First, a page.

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OCLC Research Webinar November 15, 2011 Lynn Silipigni Connaway, Ph.D. Senior Research Scientist OCLC Research Marie L. Radford, Ph.D. Associate Professor.

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Presentation on theme: "OCLC Research Webinar November 15, 2011 Lynn Silipigni Connaway, Ph.D. Senior Research Scientist OCLC Research Marie L. Radford, Ph.D. Associate Professor."— Presentation transcript:

1 OCLC Research Webinar November 15, 2011 Lynn Silipigni Connaway, Ph.D. Senior Research Scientist OCLC Research Marie L. Radford, Ph.D. Associate Professor Rutgers, The State University of NJ Seeking Synchronicity: Revelations & Recommendations for Virtual Reference

2 Funded by IMLS, OCLC, & Rutgers University Four phases: Focus group interviews Analysis of 850 QuestionPoint live chat transcripts Online surveys 137 VRS Users 175 VRS Librarians 184 VRS Non-users Telephone interviews 76 VRS Users 100 VRS Librarians 107 VRS Non-users Seeking Synchronicity: Evaluating Virtual Reference Services from User, Non-User, & Librarian Perspectives

3 Why Not Virtual Refe rence? What we learned from non-users: Preference for FtF service Do not know it exists Unknown or unfamiliar format

4 Lack of Knowledge that VR Exists VR Non-users Online Survey “I’ve never used this type of service and never knew it was available— that’s probably why I never tried it.” (Millennial)

5 FfF Reference Preferred VR Older Adult Non-users

6 Reference Experience VR Non-users

7 Top Recommendation Attracting Potential Users Introduce & demonstrate online alternatives during in- person reference sessions, library use instruction classes & library programs.

8 Two Views of What’s Effective: Positive Factors in VR Experiences Users: Convenience Comfort with service Accuracy Librarians: Ability to leverage complex & specialized knowledge Positive attitudes, responses, & feedback VR tools & hybrid communication modes

9 Two Views of What’s Not Effective: Negative Factors in VR Experiences Users: Abrupt, dismissive answers Grumpy, ill-informed or uninterested librarians Poor wrap-up Librarians: Convoluted & confusing questions Rude, impatient &/or disappearing users Unrealistic expectations

10 Comfort With VR: Focus Group Interview “I was on the site at 2 or 3 in the morning and it felt personalized. I don’t know, I felt like I was the only person the other person had to talk to and they took the time out.” (User)

11 Mode for Developing Best Relationship: VR Users & Librarians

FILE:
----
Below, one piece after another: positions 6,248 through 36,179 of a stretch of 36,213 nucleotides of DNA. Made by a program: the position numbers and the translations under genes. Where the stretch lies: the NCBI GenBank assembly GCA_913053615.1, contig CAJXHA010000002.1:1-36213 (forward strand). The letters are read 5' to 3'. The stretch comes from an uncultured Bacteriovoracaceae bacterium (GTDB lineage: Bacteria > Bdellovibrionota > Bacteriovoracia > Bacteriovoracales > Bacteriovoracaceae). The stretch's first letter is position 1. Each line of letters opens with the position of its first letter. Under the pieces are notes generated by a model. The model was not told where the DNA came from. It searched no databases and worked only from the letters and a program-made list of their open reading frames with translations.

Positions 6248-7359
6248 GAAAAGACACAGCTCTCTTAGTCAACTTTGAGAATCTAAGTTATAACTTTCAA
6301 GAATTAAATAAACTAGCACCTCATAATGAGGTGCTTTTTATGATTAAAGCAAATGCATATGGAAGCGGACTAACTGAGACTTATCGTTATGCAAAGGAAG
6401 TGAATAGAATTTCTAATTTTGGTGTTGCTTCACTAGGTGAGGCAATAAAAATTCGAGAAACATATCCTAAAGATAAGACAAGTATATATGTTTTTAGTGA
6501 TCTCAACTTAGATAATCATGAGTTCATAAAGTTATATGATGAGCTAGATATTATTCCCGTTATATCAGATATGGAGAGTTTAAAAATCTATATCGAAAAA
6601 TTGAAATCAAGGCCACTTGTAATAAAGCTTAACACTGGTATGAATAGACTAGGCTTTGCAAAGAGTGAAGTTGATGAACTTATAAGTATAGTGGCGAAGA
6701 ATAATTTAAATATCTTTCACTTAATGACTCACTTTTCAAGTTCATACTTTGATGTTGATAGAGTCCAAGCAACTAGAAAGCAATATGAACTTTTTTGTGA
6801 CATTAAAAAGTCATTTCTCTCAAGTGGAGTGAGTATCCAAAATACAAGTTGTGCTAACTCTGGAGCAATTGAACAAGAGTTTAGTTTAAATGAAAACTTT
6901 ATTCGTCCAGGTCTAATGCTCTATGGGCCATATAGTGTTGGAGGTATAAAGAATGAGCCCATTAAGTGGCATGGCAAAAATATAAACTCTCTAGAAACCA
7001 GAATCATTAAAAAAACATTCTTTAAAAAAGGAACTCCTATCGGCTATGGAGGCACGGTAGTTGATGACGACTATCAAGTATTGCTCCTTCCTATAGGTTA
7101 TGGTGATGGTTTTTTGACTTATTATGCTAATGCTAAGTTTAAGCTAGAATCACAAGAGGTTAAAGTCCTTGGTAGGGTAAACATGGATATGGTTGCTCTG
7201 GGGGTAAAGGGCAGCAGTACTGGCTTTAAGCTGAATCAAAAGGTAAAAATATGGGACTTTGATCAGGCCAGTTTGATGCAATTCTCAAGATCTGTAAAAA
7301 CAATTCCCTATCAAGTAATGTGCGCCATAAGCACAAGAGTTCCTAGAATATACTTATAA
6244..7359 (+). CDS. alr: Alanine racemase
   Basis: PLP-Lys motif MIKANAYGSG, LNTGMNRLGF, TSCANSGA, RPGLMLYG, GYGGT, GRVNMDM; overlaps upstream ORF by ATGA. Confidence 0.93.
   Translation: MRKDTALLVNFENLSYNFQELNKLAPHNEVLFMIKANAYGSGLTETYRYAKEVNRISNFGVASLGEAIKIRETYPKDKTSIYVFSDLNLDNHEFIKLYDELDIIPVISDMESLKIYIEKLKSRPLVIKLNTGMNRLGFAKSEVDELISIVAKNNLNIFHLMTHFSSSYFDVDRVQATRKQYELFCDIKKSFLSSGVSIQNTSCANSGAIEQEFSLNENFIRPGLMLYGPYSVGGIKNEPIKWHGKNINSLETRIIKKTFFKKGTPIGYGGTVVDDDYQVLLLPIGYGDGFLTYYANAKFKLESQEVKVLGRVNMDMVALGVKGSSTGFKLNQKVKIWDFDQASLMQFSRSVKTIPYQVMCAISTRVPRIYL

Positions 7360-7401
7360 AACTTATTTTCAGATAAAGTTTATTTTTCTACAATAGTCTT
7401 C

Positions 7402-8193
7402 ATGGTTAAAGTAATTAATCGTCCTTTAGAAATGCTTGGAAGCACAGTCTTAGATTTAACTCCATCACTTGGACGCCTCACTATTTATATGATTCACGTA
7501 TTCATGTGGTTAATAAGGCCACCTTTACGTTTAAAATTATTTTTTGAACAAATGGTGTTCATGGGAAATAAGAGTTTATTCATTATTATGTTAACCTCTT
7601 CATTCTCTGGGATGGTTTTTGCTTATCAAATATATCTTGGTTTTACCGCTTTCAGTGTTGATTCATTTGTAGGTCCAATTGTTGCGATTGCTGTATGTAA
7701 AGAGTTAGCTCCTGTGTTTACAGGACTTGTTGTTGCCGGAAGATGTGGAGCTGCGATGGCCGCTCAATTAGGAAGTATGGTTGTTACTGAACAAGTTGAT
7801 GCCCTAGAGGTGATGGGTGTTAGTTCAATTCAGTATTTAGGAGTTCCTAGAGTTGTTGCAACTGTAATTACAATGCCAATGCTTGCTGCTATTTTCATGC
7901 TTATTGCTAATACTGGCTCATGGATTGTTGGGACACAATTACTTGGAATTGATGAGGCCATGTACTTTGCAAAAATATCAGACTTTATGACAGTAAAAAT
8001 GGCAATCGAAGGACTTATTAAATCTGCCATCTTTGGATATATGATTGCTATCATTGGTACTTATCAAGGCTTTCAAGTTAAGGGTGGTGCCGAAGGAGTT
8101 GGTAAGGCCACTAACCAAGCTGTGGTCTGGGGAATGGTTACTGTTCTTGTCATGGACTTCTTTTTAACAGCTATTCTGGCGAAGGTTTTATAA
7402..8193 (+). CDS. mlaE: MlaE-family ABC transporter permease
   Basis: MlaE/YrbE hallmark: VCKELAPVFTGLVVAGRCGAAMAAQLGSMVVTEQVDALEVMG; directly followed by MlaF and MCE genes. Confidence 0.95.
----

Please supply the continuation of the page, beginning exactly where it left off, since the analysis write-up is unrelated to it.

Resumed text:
12 Making Personal Connections: VR Librarians

13 Talkin’ bout Generational Differences: Positive Perceptions of VR Baby Boomers & Millennials: Appreciate quick, on-target responses Value those “who know their stuff” Convenience Appreciate personable & friendly exchanges Would recommend to others

14 Positive Perceptions of VR: Millennials Immediacy 24/7 late-night & weekend availability Convenience Co-browsing Personalized interfaces Would recommend VR Less intimidating than FtF reference

15 Why Millennials May Not Use VR Fear technology complicated Fear of annoying, overwhelming, or pestering Trust their own abilities Believe they don’t need assistance Don’t know it’s available!

16 Fear It Is Too Complicated: Focus Group Interviews “I stray away from the library and the library’s online catalog.” (Undergraduate Student)

17 Why Older Adults May Not Use VR Preference for FtF & personal relationships Comfort with library & find it convenient Lack experience with other reference methods Lack of computer skills & slow typing speed Don’t know it’s available!

18 Intergenerational Recommendations Promote VR by marketing & word-of- mouth Reassure teens that questions are welcome Involve users in VR development Encourage users to enter library phone numbers in cell phones for quick reference help

19 Critical Incident Technique (CIT) Flanagan (1954) Qualitative technique Focuses on most memorable event/experience Allows categories or themes to emerge rather than be imposed

20 Critical Incident Technique (CIT) VR Users’ & Librarians’ Questions Remember 1 specific successful VRS interaction Remember 1 specific unsuccessful VRS interaction Describe each interaction Identify factors that made interactions successful or unsuccessful

21 What’s Effective: VR Users Value Knowledge and accuracy of answers/information Positive attitude Communication skills